There is a blog that gives some background to Spiritum Duo here.


Spiritum Duo has been designed to simply, improve and speed up clinical pathways. There are many repetitive, mundane, error prone and slow tasks that clinicians, admin staff and patients are required to undertake to get a patient through their clinical pathway. Each task adds time to the whole pathway. By making incremental savings in time, but improving each step of the pathway, patients can receive faster care.

For those of you that are not familiar with the clinical pathways, what is being discussed is essentially the patient journey for a new disease that they have unfortunately acquired. For example, a patient finds that they are drinking more fluids and peeing more, they see their GP, they suspect diabetes, they undertake a blood test which confirms this, they start treatment, they find that the diabetes is difficult to treat and so they refer to secondary care. The secondary care clinician triages the referral, may organise further tests and then sees the pateint in clinic and then optimise their treatment. The patient may then attend the hospital every 4-12 months for review of their diabetes and complications associated with this disease.

Another example is a patient that finds that they have been more tired over the last 12 months. They see their GP, who finds that the patient has put on more weight, snores, and that their bedroom-partner has noticed that the patient stops breathing in their sleep. The GP refers the patient to the sleep service in secondary care. A secondary care clinician triages the patient, decides that the patient needs a sleep study, which is undertaken, reported, and the patient found to have obstructive sleep apnoea syndrome. The patient is seen in clinic, informed of their diagnosis and started on treatment. The patient is then followed up every 1-3 years.

As you can see from the two above examples, a typical clinical pathway consists of:

  • Patient has symptoms
  • Patient sees a clinician about these symptoms
  • Patient is referred
  • Triage
  • Investigations
  • Clinic appointments
  • Treatment
  • Follow up

When you start to look at different disease pathways through this generic “clinical pathway template” you can then look for what is different and what is the same between pathways. Where things are the same, improving these individual steps in one pathway can then improve the same steps in other pathways. So you speed up the retrieval of a referral from the national referral system eRS and triage, you speed this up for other pathways as well. You speed up the requesting of CT scans for lung cancer, you speed up CT requesting for surgery.

Where things are different between diseases, trusts or even individual clinicians, then you need some way to define this. This is where the pathway configuration file (PCF) is used. Where a pathway is different, for example on the types of investigations or treatments that are availble for a disease, then these are defined in the PCF. The exact contents and language used in the PCF is an ongoing project. Once defined and standardised, the PCF would be a universal way to define clinical pathways, and allow best practice and sharing of this knowledge.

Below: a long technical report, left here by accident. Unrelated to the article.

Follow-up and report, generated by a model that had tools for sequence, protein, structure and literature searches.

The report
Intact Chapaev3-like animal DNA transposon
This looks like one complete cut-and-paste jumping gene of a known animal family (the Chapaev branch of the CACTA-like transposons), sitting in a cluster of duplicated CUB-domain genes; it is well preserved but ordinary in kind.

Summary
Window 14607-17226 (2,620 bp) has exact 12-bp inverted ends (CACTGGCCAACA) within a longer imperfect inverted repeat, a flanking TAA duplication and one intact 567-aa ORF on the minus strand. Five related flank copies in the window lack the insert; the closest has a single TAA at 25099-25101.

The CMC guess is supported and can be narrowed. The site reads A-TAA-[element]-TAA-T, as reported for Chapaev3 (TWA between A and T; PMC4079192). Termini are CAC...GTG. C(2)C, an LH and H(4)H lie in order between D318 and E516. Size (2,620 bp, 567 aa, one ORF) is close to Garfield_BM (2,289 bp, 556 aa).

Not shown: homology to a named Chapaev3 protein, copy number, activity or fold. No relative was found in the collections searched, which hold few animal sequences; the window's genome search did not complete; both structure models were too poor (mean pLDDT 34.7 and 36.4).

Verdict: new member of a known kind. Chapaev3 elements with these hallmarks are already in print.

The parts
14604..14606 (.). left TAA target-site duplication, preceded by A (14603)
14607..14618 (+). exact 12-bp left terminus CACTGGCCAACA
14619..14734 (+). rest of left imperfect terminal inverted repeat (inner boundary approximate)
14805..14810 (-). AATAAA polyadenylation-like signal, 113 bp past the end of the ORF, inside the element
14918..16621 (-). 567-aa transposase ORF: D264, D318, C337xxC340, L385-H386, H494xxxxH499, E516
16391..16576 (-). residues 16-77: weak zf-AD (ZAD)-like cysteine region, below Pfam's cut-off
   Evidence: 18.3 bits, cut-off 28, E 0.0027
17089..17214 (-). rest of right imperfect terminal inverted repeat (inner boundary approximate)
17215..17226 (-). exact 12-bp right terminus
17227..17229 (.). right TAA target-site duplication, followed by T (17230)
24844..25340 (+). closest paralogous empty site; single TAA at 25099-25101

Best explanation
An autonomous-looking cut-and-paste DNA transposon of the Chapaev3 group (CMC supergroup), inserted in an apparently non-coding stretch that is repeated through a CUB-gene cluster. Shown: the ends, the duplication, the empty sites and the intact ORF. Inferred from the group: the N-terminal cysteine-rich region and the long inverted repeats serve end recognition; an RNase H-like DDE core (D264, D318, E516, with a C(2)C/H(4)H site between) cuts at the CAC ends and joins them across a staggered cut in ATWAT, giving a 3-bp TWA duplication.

The changes that need to be made to the individual steps do not necessarily need to be “smart” AI, automation or even digital. The changes are not “digital transformation”, they are “transformation with the aid of digital where appropriate”. Digital in itself is not the answer to the problem. It is the logical and detailed breakdown of the individual steps, assessing how they are undertaken, if they are required in a new optimised clinical pathway and how they can be improved upon. If automation and/or digital is able to help in improving these steps, then all the better.

So what could be automated and / or digitised. Well there is a list of potential improvement in any clinical pathway:

  • Put all functionality into one system, or at least only use systems that work harmoniously together.
  • Put all data into a single trust wide database. This creates your single source of truth.
  • Utilise the eRS (electronic referral system) APIs (application programming interface) and automatically upload to the trust digital systems instead of manually downloading from eRS and uploading to trust systems.
  • Put all of the end-user functionality into one user interface.
  • Digitise the triage step.
  • Automatically book patients into clinics and send out invites to patients. Currently this is done manually in many places.
  • Provide all of the necessary information that is needed at the triage step in one window, with no superflous information.
  • Put all of the possible referrals and investigations that can be ordered for a patient in a single window.
  • Send patient information videos to patients when they have an investigation requested that they know little about. This can help alleviate anxieties.
  • For protocol driven and low risk diseases, consider a patient video instead of clinics.
  • Allow patients to complete disease questionnaires in their own time on a dedicated platform.
  • For systems that provide read outs of usage, for example CPAP in obstructive sleep apnoea syndrome, connect the readout data to the single system that is managing their disease.
  • For national audit, or for DVLA and other external bodies, automate the transfer of data. Much of this is still very manual.

At the end of the day, we want to create a system that is holistic, looks at the patients pathway from A to B, from first symptom to treatment and follow up, rather than individual steps on the pathway that different clinicians, investigations or treatments may play in themselves. By appreciating that the patient’s pathway is a whole, you can then improve each step of the pathway to improve the patient’s experience, the clinicians workloads and workflows.